TV - Castle Rock


Nate McKenzie headed for King country as he watched the first season of Castle Rock...

You have to be brash to attempt an adaptation of a Stephen King novel for the screen, even if just for television. But you have to be positively touched in the head to have a go at bringing the entire King Universe together for one epic story. The writers of Castle Rock must have white hot bones searing in their closets, because what they did with season one is astounding. Even with piles of tension and anxiety heaped upon the viewer, as well as numerous outright frightening or jaw-dropping moments, the show conjures a feeling that you might not expect: familiarity.

Most of us are trapped here for a reason. Everyone in this town has some sin or regret, some cage of his own making.

For many of the folks living in Castle Rock, the town is more than a pinpoint on a map. It heaves and bows, constricting in the winter then erupting in a plume alongside the spring leaves, loosing a volley of chaos upon its people at random intervals but always at will. All the while, citizens wash the blood from their hands, staining red the snow and running waters alike, and go about their daily chores. They are trapped. They know it. But they’ve given up hope of ever escaping. That feeling pervades the minds of real-life small-town folks just as much as it does the people suffering in Castle Rock.

Throughout the show, King fans will notice hints and nods to classic characters and tropes from the King Universe. Those moments can be exciting (Jackie Torrance?!) Then there are moments where you recognize someone from your own town, someone you see at work or in your own family, or worse, your own mirror. But we brush aside those images with adroit denial like only the hopeless can.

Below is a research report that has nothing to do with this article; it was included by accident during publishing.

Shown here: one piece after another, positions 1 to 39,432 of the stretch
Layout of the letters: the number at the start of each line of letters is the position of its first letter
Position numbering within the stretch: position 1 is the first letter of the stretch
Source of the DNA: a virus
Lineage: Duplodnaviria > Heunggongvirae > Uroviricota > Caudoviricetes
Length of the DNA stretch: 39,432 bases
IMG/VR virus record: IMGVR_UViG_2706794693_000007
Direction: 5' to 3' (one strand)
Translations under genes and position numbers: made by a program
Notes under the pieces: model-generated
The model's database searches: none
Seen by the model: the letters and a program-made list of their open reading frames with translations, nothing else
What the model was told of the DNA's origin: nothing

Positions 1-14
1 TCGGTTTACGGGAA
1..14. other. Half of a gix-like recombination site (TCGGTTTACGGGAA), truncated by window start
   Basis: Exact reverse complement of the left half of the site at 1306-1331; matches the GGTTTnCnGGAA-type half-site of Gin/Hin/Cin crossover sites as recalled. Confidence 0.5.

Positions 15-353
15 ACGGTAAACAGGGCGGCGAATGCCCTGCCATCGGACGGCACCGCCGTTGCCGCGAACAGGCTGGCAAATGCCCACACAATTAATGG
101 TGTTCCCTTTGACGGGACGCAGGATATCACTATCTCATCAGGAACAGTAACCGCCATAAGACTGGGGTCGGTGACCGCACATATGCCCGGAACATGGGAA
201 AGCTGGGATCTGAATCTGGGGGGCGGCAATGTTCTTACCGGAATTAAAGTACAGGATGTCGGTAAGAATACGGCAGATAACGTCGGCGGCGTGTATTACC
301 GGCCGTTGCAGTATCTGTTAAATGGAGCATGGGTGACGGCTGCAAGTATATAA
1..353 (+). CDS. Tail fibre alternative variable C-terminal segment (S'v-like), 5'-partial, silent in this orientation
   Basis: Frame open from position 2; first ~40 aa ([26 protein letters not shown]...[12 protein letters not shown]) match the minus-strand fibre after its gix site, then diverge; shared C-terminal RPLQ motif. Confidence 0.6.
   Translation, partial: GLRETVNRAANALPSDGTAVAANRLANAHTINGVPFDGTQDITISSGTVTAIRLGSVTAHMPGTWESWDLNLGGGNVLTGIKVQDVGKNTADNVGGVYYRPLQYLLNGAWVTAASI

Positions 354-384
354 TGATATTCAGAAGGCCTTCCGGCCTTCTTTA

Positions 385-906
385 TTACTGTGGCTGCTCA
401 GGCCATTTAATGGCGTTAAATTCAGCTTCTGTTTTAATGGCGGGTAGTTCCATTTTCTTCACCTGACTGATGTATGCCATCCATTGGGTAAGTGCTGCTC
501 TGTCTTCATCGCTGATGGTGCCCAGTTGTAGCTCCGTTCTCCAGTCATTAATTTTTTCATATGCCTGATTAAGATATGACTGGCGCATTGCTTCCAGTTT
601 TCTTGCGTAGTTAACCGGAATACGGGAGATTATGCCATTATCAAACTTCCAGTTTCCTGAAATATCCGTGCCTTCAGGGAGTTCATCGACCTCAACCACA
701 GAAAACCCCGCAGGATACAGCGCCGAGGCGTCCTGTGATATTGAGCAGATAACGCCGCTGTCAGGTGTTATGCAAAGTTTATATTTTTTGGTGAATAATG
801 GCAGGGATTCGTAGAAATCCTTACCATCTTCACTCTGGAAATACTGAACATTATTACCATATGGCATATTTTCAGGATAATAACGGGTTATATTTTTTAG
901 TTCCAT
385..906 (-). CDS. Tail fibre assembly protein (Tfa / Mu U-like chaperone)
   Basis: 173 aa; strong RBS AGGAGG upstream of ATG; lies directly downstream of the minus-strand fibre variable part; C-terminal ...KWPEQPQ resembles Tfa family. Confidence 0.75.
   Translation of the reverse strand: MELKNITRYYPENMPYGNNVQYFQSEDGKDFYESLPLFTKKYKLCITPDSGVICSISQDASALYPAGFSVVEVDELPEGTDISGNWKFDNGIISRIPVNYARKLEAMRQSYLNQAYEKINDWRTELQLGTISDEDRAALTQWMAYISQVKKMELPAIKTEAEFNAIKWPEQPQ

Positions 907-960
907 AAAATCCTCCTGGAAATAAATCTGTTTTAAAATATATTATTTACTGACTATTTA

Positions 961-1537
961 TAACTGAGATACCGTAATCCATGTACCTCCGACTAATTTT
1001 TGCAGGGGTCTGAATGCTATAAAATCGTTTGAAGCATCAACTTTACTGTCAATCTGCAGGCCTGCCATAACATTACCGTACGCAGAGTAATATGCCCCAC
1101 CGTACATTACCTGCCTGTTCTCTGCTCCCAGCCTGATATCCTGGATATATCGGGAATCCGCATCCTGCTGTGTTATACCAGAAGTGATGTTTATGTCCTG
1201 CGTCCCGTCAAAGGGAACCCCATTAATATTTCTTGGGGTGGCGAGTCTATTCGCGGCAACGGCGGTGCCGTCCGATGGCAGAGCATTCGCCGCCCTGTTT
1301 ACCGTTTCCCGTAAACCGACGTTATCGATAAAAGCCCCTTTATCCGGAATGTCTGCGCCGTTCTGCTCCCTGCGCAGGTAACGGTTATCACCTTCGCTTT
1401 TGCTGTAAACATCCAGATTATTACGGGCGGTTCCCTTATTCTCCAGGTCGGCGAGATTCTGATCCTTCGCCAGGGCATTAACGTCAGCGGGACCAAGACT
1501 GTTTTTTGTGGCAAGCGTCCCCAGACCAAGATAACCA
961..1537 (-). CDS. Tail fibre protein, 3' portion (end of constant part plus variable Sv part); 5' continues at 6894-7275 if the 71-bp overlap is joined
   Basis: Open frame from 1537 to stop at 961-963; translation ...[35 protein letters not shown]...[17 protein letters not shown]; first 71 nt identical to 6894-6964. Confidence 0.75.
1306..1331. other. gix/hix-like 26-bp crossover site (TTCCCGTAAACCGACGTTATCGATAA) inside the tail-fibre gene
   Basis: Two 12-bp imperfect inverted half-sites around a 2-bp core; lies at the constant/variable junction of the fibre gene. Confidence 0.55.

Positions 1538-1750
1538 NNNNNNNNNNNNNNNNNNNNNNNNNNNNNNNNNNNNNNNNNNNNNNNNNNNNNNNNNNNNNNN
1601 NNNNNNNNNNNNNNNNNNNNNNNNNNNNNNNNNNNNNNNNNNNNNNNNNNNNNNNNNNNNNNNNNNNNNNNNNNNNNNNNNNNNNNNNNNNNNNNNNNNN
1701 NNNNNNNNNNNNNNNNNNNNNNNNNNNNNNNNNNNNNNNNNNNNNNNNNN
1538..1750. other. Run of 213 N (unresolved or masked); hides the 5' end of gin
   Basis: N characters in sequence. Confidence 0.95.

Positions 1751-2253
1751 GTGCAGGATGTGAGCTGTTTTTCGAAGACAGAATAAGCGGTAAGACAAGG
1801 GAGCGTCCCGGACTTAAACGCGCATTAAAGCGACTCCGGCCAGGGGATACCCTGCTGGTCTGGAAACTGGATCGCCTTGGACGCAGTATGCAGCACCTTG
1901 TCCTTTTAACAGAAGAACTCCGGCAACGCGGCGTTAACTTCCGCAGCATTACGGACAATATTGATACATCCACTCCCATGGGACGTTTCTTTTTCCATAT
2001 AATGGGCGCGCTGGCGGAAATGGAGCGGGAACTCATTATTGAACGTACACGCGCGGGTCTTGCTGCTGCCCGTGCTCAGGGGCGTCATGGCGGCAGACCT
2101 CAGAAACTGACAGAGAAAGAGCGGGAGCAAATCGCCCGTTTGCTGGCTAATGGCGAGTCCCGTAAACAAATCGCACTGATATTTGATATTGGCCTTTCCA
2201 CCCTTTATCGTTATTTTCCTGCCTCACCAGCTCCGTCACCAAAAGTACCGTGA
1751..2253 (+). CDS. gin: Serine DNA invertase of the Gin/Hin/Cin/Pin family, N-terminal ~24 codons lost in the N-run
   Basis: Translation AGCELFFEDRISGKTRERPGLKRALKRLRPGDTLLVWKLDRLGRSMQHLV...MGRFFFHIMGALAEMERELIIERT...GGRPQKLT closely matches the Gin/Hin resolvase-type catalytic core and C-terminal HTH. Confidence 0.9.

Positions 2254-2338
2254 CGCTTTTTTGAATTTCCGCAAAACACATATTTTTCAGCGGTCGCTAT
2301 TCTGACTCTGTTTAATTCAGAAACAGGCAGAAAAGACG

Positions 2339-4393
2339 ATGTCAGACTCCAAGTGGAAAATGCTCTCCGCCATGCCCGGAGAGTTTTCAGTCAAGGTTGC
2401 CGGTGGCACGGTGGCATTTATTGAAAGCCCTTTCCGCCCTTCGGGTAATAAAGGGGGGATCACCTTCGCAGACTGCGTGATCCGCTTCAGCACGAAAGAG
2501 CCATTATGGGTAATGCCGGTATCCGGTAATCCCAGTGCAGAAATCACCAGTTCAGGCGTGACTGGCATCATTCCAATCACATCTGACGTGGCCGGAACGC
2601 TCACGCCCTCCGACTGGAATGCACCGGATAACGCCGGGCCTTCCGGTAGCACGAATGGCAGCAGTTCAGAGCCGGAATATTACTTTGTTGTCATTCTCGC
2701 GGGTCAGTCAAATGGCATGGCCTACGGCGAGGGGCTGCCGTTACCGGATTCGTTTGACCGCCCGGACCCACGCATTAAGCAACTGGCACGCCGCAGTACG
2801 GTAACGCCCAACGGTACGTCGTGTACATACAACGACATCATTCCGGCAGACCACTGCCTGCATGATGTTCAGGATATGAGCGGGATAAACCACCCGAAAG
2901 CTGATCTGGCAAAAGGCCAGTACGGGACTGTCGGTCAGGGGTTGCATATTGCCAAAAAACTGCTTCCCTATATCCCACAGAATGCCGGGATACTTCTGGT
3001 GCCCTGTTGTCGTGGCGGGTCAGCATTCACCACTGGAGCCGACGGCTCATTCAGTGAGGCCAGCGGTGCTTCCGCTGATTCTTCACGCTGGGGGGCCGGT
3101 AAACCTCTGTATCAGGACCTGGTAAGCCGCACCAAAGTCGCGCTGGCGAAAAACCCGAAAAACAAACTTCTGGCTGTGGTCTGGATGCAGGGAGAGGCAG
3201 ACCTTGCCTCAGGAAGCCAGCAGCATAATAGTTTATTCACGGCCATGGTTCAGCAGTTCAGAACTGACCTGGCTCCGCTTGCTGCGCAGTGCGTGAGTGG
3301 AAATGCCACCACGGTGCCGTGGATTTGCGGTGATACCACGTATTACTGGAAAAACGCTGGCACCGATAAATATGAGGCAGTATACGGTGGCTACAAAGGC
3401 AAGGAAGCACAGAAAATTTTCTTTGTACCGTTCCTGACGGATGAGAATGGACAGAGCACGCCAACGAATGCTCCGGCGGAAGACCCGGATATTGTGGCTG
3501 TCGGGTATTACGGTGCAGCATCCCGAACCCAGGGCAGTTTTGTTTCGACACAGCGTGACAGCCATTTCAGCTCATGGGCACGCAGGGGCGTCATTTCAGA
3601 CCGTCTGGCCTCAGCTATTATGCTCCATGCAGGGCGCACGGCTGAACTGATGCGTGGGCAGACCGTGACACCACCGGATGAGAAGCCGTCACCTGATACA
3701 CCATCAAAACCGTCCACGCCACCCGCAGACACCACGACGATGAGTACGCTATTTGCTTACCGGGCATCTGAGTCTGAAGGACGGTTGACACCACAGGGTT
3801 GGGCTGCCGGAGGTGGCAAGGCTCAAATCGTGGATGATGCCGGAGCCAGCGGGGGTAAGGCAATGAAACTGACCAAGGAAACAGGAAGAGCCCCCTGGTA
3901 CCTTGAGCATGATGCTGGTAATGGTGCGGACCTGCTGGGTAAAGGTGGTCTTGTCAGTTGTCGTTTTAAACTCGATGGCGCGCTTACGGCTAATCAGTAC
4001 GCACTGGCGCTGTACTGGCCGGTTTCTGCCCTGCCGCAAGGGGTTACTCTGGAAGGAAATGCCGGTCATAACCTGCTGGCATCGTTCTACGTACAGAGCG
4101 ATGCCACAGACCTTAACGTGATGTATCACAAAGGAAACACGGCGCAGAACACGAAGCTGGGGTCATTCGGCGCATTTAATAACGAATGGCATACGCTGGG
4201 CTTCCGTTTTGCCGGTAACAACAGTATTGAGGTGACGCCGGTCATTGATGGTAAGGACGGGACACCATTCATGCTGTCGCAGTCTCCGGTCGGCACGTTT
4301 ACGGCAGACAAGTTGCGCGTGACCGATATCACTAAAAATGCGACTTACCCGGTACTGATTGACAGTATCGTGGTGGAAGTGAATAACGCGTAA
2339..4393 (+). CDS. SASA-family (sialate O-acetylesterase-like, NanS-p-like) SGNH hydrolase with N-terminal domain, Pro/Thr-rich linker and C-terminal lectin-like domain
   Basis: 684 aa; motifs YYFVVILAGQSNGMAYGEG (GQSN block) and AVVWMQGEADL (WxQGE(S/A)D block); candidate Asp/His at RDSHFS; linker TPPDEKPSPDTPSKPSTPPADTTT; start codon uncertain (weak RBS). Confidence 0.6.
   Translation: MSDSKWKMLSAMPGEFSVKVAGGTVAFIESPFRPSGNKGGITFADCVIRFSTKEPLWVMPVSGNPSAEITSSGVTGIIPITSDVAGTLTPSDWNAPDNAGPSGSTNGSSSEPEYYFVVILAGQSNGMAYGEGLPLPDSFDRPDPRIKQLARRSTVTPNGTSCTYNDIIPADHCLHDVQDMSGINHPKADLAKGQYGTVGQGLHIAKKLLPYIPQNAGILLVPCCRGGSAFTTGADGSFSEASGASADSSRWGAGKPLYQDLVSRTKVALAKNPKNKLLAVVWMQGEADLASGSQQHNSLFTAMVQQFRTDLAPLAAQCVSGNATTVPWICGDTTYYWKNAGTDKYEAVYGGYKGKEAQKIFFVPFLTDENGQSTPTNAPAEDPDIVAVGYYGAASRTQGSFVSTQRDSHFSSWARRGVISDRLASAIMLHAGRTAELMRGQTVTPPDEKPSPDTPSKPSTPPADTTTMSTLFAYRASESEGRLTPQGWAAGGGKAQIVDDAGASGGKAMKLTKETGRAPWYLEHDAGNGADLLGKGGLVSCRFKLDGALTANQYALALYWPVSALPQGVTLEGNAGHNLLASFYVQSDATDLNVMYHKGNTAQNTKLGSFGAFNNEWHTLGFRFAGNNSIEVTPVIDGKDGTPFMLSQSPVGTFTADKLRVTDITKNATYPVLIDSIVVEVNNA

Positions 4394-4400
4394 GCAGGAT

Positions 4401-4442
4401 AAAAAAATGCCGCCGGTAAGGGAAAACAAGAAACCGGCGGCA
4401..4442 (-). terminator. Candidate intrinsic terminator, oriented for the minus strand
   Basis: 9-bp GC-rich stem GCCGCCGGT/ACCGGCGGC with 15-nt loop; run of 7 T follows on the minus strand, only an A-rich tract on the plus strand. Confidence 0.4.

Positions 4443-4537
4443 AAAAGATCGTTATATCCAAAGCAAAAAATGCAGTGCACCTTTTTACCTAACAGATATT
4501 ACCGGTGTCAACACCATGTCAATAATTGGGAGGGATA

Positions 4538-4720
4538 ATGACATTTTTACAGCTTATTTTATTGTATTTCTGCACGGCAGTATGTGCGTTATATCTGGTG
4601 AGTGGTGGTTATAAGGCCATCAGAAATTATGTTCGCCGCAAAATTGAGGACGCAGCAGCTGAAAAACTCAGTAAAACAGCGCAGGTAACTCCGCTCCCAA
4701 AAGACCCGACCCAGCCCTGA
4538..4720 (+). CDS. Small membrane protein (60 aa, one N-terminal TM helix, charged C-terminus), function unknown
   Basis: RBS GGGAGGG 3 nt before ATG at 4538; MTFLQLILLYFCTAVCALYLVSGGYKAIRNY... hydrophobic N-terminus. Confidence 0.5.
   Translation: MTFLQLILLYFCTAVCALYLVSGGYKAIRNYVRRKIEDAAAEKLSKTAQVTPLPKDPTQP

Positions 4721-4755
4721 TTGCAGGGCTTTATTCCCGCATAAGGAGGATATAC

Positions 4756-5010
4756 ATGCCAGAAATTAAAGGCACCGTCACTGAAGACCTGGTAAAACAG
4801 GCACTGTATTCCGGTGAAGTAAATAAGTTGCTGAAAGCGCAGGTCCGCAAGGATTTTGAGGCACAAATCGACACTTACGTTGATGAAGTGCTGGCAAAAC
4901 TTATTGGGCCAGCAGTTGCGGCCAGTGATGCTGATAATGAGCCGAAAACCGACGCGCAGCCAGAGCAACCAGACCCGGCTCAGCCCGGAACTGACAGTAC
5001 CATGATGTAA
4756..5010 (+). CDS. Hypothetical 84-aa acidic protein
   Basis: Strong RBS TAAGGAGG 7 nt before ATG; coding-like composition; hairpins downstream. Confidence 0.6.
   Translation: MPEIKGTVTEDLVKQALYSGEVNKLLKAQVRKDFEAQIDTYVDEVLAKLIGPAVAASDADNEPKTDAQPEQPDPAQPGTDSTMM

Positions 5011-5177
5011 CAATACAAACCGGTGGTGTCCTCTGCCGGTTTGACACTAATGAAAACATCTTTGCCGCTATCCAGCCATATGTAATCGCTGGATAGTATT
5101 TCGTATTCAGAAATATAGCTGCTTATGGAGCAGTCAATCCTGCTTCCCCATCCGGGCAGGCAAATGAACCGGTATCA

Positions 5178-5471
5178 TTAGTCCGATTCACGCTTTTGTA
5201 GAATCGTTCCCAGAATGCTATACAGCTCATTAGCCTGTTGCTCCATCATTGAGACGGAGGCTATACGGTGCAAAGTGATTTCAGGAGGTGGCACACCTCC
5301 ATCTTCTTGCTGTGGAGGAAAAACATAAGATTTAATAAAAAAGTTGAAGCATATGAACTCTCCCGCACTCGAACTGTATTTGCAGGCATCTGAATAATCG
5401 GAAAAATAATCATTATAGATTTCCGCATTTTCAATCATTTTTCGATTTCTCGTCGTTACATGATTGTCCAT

The twists and turns of the story are difficult to piece together at first. It can be like looking through a stained glass window from a church pew, trying to focus your eyes on one bit of light to create the picture of the outside in your mind; then the beam shifts and you lose it. Walking outside after the sermon, you see the day as it is. The last three episodes of Castle Rock had that sort of revelatory vision. All the little creeks and brooks flowed back together into the narrative, exposing the truth of the face hiding behind the multi-colored glass.

“After a while you forget, which side of the bars you're on.”

Some say the finale left us with more questions than answers, but the truth is, there are no relevant questions when malevolent evil is the answer to everything as it is in the town of Castle Rock.


Follow Nate on Twitter @thoughtsinnate

Images - IMDb

Castle Rock Season 1 is available to buy in the UK on Amazon Prime Video or DVD/Blu-ray